HUDU

Introduction to Thermal Analysis


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Oktober 2011

Beschreibung

Beschreibung

The aim of this book is, as its title suggests, to help sOilleone with little or no knowledge of what thermal analysis can do, to find out briefly what the subject is all about, to decide whether it will be of use to him or her, and to help in getting started on the more common techniques. Some of the less-common techniques are mentioned, but more specialized texts should be consulted before venturing into these areas. This book arose out of a set of notes prepared for courses on thermal analysis given at instrument workshops organized by'the S.A. Chemical Institute. It has also been useful for similar short courses given at various universities and technikons. I have made extensive use ofthe manufacturers' literature, and I am grateful to them for this information. A wide variety of applications has been drawn from the literature to use as examples and these are acknowledged in the text. A fuller list of the books, reviews and other literature ofthermal analysis is given towards the back of this book. The ICTA booklet 'For Better Thermal Analysis' is also a valuable source of information. I am particularly grateful to my wife, Cindy, for typing the manuscript, to Mrs Heather Wilson for the line drawings, and to Professor David Dollimore of the University of Toledo, Ohio, for many helpful suggestions.

Inhaltsverzeichnis

1. Introduction.
- 1.1 Definition and history.
- 1.2 Thermal analysis instruments.
- 1.3 Types of measurement.
- 1.4 The main techniques.
- 1.5 References.
- 2. Thermal events.
- 2.1 Reactions of solids.
- 2.2 References.
- 3. Thermogravimetry (TG).
- 3.1 Introduction.
- 3.2 The balance.
- 3.3 Heating the sample.
- 3.4 The atmosphere.
- 3.5 The sample.
- 3.6 Temperature measurement and calibration.- 3 7 Temperature programmers.
- 3.8 Interpretation of TG and DTG curves.
- 3.9 Applications of TG.
- 3.10 References.
- 4. Differential thermal analysis (DTA) and differential scanning calorimetry (DSC).
- 4.1 Classical DTA.
- 4.2 Calorimetric DTA or heat-flux DSC.
- 4.3 Differential scanning calorimetry (DSC).
- 4.4 Comparison of the principles of DTA and DSC.
- 4.5 Sample containers and sampling.
- 4.6 Quantitative aspects of DTA and DSC curves.
- 4.7 Interpretation of DTA and DSC curves.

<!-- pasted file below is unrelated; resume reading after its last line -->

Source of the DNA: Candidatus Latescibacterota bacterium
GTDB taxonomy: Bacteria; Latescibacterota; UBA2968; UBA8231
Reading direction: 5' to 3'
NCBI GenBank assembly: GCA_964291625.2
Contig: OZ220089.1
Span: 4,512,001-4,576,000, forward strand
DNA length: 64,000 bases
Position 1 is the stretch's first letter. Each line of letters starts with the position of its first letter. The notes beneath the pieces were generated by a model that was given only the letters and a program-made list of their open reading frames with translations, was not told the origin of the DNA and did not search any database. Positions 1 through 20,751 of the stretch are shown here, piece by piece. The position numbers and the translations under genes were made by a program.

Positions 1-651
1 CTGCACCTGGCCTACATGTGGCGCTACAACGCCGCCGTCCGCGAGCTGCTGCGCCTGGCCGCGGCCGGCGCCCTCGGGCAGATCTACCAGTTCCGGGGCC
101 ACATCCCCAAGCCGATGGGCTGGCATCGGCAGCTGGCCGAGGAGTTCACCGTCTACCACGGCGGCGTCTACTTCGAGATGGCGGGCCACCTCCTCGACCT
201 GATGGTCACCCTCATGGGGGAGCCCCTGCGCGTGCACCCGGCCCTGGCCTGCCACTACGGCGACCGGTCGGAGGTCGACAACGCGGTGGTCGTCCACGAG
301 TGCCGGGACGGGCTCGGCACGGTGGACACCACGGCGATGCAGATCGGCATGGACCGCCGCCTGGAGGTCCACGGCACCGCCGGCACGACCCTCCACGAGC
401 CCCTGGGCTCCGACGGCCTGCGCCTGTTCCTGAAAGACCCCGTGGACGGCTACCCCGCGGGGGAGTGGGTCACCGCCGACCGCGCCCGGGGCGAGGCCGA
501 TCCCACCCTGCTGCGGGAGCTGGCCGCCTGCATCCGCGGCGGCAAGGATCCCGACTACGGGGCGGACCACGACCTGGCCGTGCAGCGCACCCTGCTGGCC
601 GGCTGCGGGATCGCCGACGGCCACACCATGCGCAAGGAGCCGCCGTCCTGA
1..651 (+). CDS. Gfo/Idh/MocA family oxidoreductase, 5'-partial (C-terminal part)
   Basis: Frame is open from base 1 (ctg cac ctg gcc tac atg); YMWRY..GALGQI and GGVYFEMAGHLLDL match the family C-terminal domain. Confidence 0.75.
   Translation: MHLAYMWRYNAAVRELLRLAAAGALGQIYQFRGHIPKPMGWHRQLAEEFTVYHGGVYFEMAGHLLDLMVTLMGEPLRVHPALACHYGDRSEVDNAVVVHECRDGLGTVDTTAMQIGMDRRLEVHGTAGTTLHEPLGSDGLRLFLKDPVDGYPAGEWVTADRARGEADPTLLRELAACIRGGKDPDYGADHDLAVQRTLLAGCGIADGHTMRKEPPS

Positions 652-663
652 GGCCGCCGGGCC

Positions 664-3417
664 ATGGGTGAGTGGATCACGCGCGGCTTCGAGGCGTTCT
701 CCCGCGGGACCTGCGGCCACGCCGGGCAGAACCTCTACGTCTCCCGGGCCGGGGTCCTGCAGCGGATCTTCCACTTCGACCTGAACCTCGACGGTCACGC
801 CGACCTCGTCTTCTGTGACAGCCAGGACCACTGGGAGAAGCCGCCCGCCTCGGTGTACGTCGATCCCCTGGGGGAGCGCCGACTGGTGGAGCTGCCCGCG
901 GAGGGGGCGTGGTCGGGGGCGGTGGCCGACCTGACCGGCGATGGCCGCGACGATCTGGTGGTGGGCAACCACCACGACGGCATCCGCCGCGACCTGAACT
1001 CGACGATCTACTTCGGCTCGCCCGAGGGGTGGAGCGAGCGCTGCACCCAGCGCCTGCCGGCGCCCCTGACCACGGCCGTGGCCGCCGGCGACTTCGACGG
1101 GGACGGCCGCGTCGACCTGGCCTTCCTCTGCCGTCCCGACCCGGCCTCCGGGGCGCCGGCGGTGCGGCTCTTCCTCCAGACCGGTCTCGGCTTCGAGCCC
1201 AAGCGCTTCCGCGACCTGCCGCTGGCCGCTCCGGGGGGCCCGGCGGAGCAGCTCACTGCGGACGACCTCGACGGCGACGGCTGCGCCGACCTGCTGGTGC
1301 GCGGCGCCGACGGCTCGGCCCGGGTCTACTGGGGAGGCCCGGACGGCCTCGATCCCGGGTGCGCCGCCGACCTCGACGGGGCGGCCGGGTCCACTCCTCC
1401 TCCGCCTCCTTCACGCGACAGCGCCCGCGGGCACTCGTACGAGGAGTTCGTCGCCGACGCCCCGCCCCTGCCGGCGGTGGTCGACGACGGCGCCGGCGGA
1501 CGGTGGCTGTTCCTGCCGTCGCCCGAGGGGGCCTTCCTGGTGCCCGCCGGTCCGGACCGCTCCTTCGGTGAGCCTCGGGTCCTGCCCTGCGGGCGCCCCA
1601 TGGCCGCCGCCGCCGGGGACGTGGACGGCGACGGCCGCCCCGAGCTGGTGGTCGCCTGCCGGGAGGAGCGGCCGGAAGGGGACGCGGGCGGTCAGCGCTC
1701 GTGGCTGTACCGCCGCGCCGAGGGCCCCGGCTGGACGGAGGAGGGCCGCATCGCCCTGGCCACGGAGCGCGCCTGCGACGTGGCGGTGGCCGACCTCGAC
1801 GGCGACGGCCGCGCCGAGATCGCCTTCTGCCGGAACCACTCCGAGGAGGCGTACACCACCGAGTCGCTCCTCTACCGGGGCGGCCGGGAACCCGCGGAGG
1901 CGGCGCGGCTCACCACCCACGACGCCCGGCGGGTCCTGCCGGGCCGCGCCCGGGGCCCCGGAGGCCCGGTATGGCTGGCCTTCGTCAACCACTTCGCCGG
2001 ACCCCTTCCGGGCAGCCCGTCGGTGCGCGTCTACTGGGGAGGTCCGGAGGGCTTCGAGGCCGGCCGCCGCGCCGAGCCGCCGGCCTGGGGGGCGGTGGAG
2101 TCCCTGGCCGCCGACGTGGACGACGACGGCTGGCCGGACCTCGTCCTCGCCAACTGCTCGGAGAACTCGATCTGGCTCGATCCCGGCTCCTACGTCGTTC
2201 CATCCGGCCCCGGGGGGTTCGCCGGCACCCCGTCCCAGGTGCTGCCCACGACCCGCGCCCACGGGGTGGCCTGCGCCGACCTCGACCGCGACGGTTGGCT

- 4.8 Measurement of heat capacity.
- 4.9 Measurement of thermal conductivity.
- 4.10 Determination of phase diagrams.
- 4.11 General applications of DTA and DSC.
- 4.12 References.
- 5. Thermoptometry (TD).
- 5.1 Introduction.
- 5.2 Thermomicroscopy.
- 5.3 Thermophotometry.
- 5.4 Thermoluminescence.
- 5.5 Electron microscopy.
- 5.6 References.
- 6. Thermodilatometry (TD).
- 6.1 Basic principles.
- 6.2 Practical details.
- 6.3 Interpretation of results.
- 6.4 Applications of thermodilatometry.
- 6.5 References.
- 7. Thermomechanical analysis (TMA).
- 7.1 Basic principles.
- 7.2 Practical details.
- 7.3 Applications of TMA.
- 7.4 References.
- 8. Dynamic mechanical analysis (DMA) or dynamic thermomechanometry.
- 8.1 Basic principles.
- 8.2 Applications of DMA.
- 8.3 References.
- 9. Combination of thermal analysis techniques.
- 9.1 Principles.
- 9.2 References.
- 10. Evolved gas analysis (EGA).
- 10.1 Basic principles.
- 10.2 Evolved gas detection (EGD).
- 10.3 Evolved gas analysis (EGA).
- 10.4 Applications of EGD and EGA.
- 10.5 References.
- 11. Less-common techniques.
- 11.1 Emanation thermal analysis (ETA).
- 11.2 Thermomagnetometry (TM).
- 11.3 Thermoelectrometry.
- 11.4 Thermosonimetry (TS) and thermoacoustimetry.
- 11.5 References.
- 12. The use of microcomputers in thermal analysis.
- 12.1 Introduction.
- 12.2 Hardware requirements.
- 12.3 Software requirements.
- 12.4 Data storage.
- 12.5 Data processing.
- 12.6 Additional benefits.
- 12.7 Automation of thermal analysis equipment.
- 12.8 References.
- 13. Reaction kinetics from thermal analysis.
- 13.1 Introduction.
- 13.2 Heterogeneous reactions.
- 13.3 Formulation of the problem.
- 13.4 Differential methods.
- 13.5 Integral methods.
- 13.6 The influences of various parameters on the shapes of theoretical thermal analysis curves.
- 13.7 Conclusion.
- 13.8 References.
- 14. Purity determination using DSC.
- 14.1 Introduction.
- 14.2 Phase equilibria.
- 14.3 The DSC melting curve.
- 14.4 Corrections.
- 14.5 Step methods.
- 14.6 Conclusions.
- 14.7 References.
- 15. The literature and nomenclature of thermal analysis.
- 15.1 Books.
- 15.2 Reviews.
- 15.3 Conference proceedings.
- 15.4 Journals.
- 15.5 Manufacturer's literature.
- 15.6 The nomenclature of thermal analysis.
- 16. Thermal analysis equipment.
- 16.1 Choosing thermal analysis equipment.
- 16.2 Major suppliers of thermal analysis equipment.
- 17. Conclusion.-
Appendix A. Introductory experiments in thermal analysis.- A.1 Differential scanning calorimetry (DSC).- A.2 Thermogravimetry (TG).-
Appendix B. Thermal analysis software.- B.1,2 Data capture and storage.- B.3 Display of data.- B.4 Modification of the data.- B.5 Processing of the data.-
Appendix C. Explanation of the symbols used in the text.

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` This excellent volume packs a lot of punch in that it compresses an enormous amount of material... and yet is of exceptional clarity...the book is extremely well balanced...the text is written in a very fluent and readable style that not only makes it difficult to put down but also excites the curiosity of the reader. ' ICTA News
EAN: 9789401070423
ISBN: 9401070423
Untertitel: Techniques and applications. Softcover reprint of the original 1st ed. 1988. Book. Sprache: Englisch.
Verlag: Springer
Erscheinungsdatum: Oktober 2011
Seitenanzahl: 224 Seiten
Format: kartoniert
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